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On Disrespect to the Transgender Community

This week, our association was involved in the conversation about our transgender kin and the harm done to them by an article in the latest issue of The UU World. (I invite you to delve into the links below and see more of the discussion first-hand.)

I wanted to use this blog to call attention to the ways in which we can cause harm without intending to, and also to call attention to the fact that we can also claim responsibility when we have done harm. Most of all, though, I want to name and bear witness to this exchange which makes some among us less certain that they are welcome or truly seen.

These conversations around difference are not so much about exactly correct (note the irony of the cover story in this issue) as they are about being hospitable. In the same way that we chafe against men telling the stories of women, or white people telling the stories of people of color, we need to hear how those who identify as transgender, genderqueer or gender nonconforming felt erased by having someone outside of their community become a spokesperson for their experience. That the article was printed at all, shows the intention of the World to give us resources to better address these issues. That the people from the community who were asked to give input were not heeded is testimony to remember that we all have learning to do.

This is not about shaming people (though we will be talking about shame at tomorrow’s Breath and Spirit). It is about understanding how to be in right relations with one another.

At a meeting yesterday, I was asked how people who wish to learn more about marginalized groups can do so if they are not supposed to continue to go to the same people to tell their stories. The concern around this World article is now a public story and so we should all take the time to learn from it and grow our own hearts.

The point is not about shame, it is about our continued work to hear one another’s truth and to be willing to be learners and to remain curious to what we can learn.   I invite you to consider these links:

Here are two snapshots from this week

The first occurred on Wednesday when our Elder Journey group had their meeting. Rain was predicted for that day. A tree had knocked out power and snarled traffic in Walnut Creek and I feared that we would not have many people. Yet this intrepid group of those most chronologically gifted among us kept coming in, one by one, until all the chairs were full and we had to add a couple of extras. What ensued was a rich conversation about the Cohen hearings which had begun that morning, McCarthyism, conformity, the distressing vote within the Methodist faith and how these times were similar to and different from other times of crisis and challenge.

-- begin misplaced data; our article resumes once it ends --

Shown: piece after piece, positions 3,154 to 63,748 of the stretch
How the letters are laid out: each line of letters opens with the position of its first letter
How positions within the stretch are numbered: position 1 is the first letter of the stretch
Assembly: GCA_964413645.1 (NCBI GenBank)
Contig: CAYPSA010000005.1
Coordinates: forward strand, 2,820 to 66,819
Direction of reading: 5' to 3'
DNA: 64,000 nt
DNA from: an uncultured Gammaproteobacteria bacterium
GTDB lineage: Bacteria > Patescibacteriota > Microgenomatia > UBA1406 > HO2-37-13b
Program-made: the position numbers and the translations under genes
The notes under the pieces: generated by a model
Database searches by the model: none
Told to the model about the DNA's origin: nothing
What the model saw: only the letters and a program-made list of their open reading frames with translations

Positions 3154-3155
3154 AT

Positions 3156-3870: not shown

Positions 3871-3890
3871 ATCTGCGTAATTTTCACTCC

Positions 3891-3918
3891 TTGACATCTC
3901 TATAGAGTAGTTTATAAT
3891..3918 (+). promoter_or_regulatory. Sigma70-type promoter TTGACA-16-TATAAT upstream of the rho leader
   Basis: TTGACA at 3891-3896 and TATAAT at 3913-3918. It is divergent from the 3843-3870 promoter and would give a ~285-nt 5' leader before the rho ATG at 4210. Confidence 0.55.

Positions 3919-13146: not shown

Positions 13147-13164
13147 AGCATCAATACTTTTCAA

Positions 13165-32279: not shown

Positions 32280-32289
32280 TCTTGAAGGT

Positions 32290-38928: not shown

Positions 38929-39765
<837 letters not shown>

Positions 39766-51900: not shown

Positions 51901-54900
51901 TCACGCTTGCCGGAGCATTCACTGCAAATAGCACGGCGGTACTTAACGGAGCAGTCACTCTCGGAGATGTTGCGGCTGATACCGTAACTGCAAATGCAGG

The second picture I invite you into is from Thursday night when approximately 30 people gathered for a conversation about “microaggressions,” those small, needling, often unintentional acts which lead people to feel unwelcomed, unvalued and unseen. Those who had organized and invited people to come were ecstatic to see every chair filled for this event as well–albeit a very different event from the one on Wednesday and yet also similar.

What was similar was that in both gatherings, a wide range of views were represented. In both gatherings, people brought very different life experiences. And in both gatherings, people listened with open hearts and open minds so that they might learn from one another and grow.

This, to me, is the miracle of our religious community. Here I use the word in the sense in which Frederick Buechner uses it….”A miracle is when the whole is greater than the sum of the parts.” Our community can bring together differing truths and hold them in relationship with one another.

May we continue to do so.

Friday, February 22, 2019

On Monday, a segment on NPR caught my attention. Though its focus was on the continuing Brexit debate, what caught my attention was a sentence in which the commentator noted that what was at issue was that some in leadership were opposed to supporting the United States, seen as a growing source of evil in the world.

Our nation is now perceived by more within and beyond it as a source of evil, even by those who have been our closest allies and friends. And though we are all soul-weary, we need to pay attention.

All around us, we grieve as we see institutions precious to us derided or even destroyed. We watch the very institution of our democracy chipped away at its foundation in a manner that has already endangered it. The damage already done will take many years to repair. The declaration of a national emergency is not just another flashy parlor trick, it is a deep threat to the essence of how we are governed and we must speak out.